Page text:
I started a project to get a better understanding on how to compile a game for Windows 3.x. I tried to set up the build workflow so that it produce the byte-exact clone of a great open sourced Win16 game named Hyperoid. It took some time to get a working build for Windows 3.0 which I finally managed. However, no matter how I played with the compiler and linker options, I was not able to produce a similar EXE in some aspects.

One of them is related to the export of ___EXPORTEDSTUB which is obviously not in the original release but I was unable to get rid off which in my build.

What is that and how to set up the build process to avoid it getting exported?

(More details in the project link above.)


Quote from Windows Programmer's Guide to DLLs and Memory Management p. 137:

The stub statement is used to identify an application that is run when an attempt is made to run a Windows application under DOS. The default file normally used is WINSTUB.EXE, which prints a simple error and returns to the DOS prompt. In fact, the entry point of this application is responsible for the ___EXPORTEDSTUB statement that's visible when exehdr is run on a module or when you view a module's map file. The statement isn't required for libraries, and it saves a few bytes when removed.

This is all nice but the book does not tell how to remove it. Removing the STUB declaration entirely from the DEF file or setting its value to NONE removes the WINSTUB data which is certainly there in the original game file and working as intended: it prints This program requires Microsoft Windows message when the EXE is run from DOS.


Changing DEF like below only moves ___EXPORTEDSTUB from the Resident Names Table to the Non-resident Names Table and it also remains exported according to EXEHDR output. A small step ahead though.

    HyperoidWndProc     @1
    HyperoidAboutDlg    @2
    ___ExportedStub     @3 NODATA


I suspect I was not clear enough about the problem so here is a screenshot of the binary differences (this is prior the Edit 2): SCREENSHOT The problem is with the new file from 0x5DB highlighted with green. The other differences are due to different address values and are minor problem compared to this one. The increased NE header puts all other stuff ahead, thus removing it manually would corrupt the EXE file. Note that the DEF file tweak done in Edit 2 only moved the problematic green part a little lower.

There must be a way to tell the linker (or a reliable tool which removed it).


This is from the Digital Mars Compiler & Tools Guide:

Problem: _ExportedStub missing. The Microsoft C++ libraries provides the entry point _ExportStub, which can be exported by user .DEF files. Remove _ExportStub from your .DEF files; it is specific to Microsoft's implementation of its internal routine _GetGROUP. This change is unlikely to introduce any problems.

I was not able to find a DEF file with _ExportStub in it yet.

  • Given this wording: "The stub statement ..." -- where is the "statement" located? It sounds to me like it's an actual statement in some file of LINK directives, which I vaguely recall dealing with about 30 years ago.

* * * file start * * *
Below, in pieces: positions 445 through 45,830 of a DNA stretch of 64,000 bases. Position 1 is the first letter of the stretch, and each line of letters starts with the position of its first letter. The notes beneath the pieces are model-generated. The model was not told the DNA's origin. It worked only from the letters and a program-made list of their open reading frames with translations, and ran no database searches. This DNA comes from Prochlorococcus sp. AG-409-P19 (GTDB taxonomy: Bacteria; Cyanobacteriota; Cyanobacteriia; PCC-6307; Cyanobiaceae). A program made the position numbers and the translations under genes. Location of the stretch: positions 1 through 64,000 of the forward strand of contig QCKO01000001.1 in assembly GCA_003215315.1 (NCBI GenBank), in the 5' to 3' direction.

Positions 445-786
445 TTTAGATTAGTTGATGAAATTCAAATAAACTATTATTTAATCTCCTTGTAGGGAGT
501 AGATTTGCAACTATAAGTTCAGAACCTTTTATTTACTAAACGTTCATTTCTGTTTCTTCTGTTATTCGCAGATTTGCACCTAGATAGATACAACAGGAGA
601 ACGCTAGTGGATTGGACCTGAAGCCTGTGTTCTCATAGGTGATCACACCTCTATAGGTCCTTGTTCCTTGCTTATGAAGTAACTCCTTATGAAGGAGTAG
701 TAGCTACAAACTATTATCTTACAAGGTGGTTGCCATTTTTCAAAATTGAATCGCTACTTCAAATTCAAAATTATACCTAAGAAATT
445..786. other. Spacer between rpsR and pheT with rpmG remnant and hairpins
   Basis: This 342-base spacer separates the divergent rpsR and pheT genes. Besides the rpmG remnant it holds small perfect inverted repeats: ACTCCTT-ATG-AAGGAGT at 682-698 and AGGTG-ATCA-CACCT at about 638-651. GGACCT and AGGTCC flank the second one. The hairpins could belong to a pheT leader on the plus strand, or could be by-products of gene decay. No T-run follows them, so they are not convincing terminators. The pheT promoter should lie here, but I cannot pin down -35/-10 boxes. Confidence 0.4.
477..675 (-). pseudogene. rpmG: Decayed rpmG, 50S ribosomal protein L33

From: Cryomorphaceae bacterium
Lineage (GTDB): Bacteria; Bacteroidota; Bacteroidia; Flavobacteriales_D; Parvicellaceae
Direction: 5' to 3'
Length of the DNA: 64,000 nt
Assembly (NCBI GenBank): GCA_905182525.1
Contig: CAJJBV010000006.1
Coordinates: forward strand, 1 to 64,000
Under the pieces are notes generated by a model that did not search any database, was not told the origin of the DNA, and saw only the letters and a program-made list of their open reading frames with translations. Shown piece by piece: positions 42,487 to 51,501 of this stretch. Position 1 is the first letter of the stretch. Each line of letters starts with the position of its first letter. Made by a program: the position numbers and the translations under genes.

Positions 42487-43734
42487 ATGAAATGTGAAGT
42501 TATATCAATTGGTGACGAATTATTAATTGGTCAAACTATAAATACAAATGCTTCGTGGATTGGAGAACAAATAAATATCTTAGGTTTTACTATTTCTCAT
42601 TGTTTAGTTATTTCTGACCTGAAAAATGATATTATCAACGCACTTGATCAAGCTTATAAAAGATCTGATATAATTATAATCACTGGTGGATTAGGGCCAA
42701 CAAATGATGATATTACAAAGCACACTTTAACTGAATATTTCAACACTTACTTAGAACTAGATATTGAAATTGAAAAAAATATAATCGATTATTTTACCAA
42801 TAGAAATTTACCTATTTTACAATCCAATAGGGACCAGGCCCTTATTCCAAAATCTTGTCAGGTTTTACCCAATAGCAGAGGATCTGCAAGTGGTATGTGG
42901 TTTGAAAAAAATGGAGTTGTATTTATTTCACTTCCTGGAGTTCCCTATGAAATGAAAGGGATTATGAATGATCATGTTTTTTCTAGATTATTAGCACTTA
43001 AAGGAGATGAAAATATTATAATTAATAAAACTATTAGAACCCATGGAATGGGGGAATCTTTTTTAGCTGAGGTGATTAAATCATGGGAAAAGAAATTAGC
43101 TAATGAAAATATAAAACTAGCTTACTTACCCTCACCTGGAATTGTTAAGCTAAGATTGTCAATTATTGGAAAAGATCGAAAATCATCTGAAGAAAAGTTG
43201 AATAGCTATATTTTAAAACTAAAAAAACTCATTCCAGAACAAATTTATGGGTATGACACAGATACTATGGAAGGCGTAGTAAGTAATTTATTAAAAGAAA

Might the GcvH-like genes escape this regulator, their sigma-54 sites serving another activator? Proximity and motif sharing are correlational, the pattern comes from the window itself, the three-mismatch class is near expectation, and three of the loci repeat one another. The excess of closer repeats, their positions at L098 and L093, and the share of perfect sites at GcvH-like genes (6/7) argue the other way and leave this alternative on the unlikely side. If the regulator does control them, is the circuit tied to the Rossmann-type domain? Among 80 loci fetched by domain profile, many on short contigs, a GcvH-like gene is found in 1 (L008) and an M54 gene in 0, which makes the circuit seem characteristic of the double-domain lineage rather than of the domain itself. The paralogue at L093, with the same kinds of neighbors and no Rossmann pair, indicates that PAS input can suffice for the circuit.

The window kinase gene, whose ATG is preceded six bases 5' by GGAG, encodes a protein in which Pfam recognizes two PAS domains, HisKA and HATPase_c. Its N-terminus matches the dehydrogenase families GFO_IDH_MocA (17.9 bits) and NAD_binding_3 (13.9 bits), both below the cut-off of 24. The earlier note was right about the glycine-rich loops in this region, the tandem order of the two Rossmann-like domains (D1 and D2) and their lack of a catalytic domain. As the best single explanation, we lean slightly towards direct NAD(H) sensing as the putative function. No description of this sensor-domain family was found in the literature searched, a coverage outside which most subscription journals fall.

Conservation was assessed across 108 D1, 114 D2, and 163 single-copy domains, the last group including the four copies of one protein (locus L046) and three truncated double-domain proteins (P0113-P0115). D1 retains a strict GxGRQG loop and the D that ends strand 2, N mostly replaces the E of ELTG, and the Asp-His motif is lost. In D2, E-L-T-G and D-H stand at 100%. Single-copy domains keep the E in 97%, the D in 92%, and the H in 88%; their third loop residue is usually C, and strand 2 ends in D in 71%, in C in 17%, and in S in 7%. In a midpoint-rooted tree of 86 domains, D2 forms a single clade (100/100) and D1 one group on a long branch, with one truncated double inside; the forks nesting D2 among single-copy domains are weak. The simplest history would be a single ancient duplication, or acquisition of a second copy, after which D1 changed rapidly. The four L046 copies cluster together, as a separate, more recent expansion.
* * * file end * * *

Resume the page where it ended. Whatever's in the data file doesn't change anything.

– dave
    Sep 8, 2021 at 23:30
  • I fixed the wording sorry. The book refers both the declaration in the DEF file and the exported function in the MAP file as "statement". By removing the STUB declaration I meant removing the STB 'WINSTUB.EXE' line from the DEF file. Edited for clarification. Sep 9, 2021 at 0:17
  • "There must be a way to tell the linker (or a reliable tool which removed it)" Why?
    – Raffzahn
    Sep 9, 2021 at 2:03
  • Can you edit this tower of EDITs into something more coherent? Sep 11, 2021 at 13:17

1 Answer 1


Windows EXE programs do have to start with a STUB to avoid unintended consequences (crash etc.) when started in a non-Windows environment.

EXPORTEDSTUB is supplied by the MLIBCEW Lib used in your link statement.

IIRC it is possible to tell the linker (-stub?) to use a user supplied stub - which was, at one time, the standard way by using WINSTART.ASM (Faint Memory).

[I wouldn't be surprised if Stephen Kitt has the right documentation ready at hand :)]

As I understand, there is no access to the original source, so it might have been build a diferent way. What compiler/linker package is used?

  • No the WINSTUB.EXE is placed identically in both the original and the new version. Only the export statement got removed from the original EXE's Resident Names Table and export MAP. I compile and link with Ms C 6.0. Sep 9, 2021 at 0:34
  • @SzieberthAdam Not really sure what your comment should tell or what new version is. Look at your link statement where you include MLIBCEW - that's where the symbol gets imported from.
    – Raffzahn
    Sep 9, 2021 at 2:07
  • Thank you. Good lead with the MLIBCEW.LIB. I currently suspect a custom library was made based on that with LIB.EXE. It seems that windgrp.obj (and maybe windgrpx.obj) should be replaced in it. C/C++ 7.0 surely contains the sources of these object modules, I should review the C 6.0 installation whether it contains them too. Upvoted. Sep 10, 2021 at 12:35

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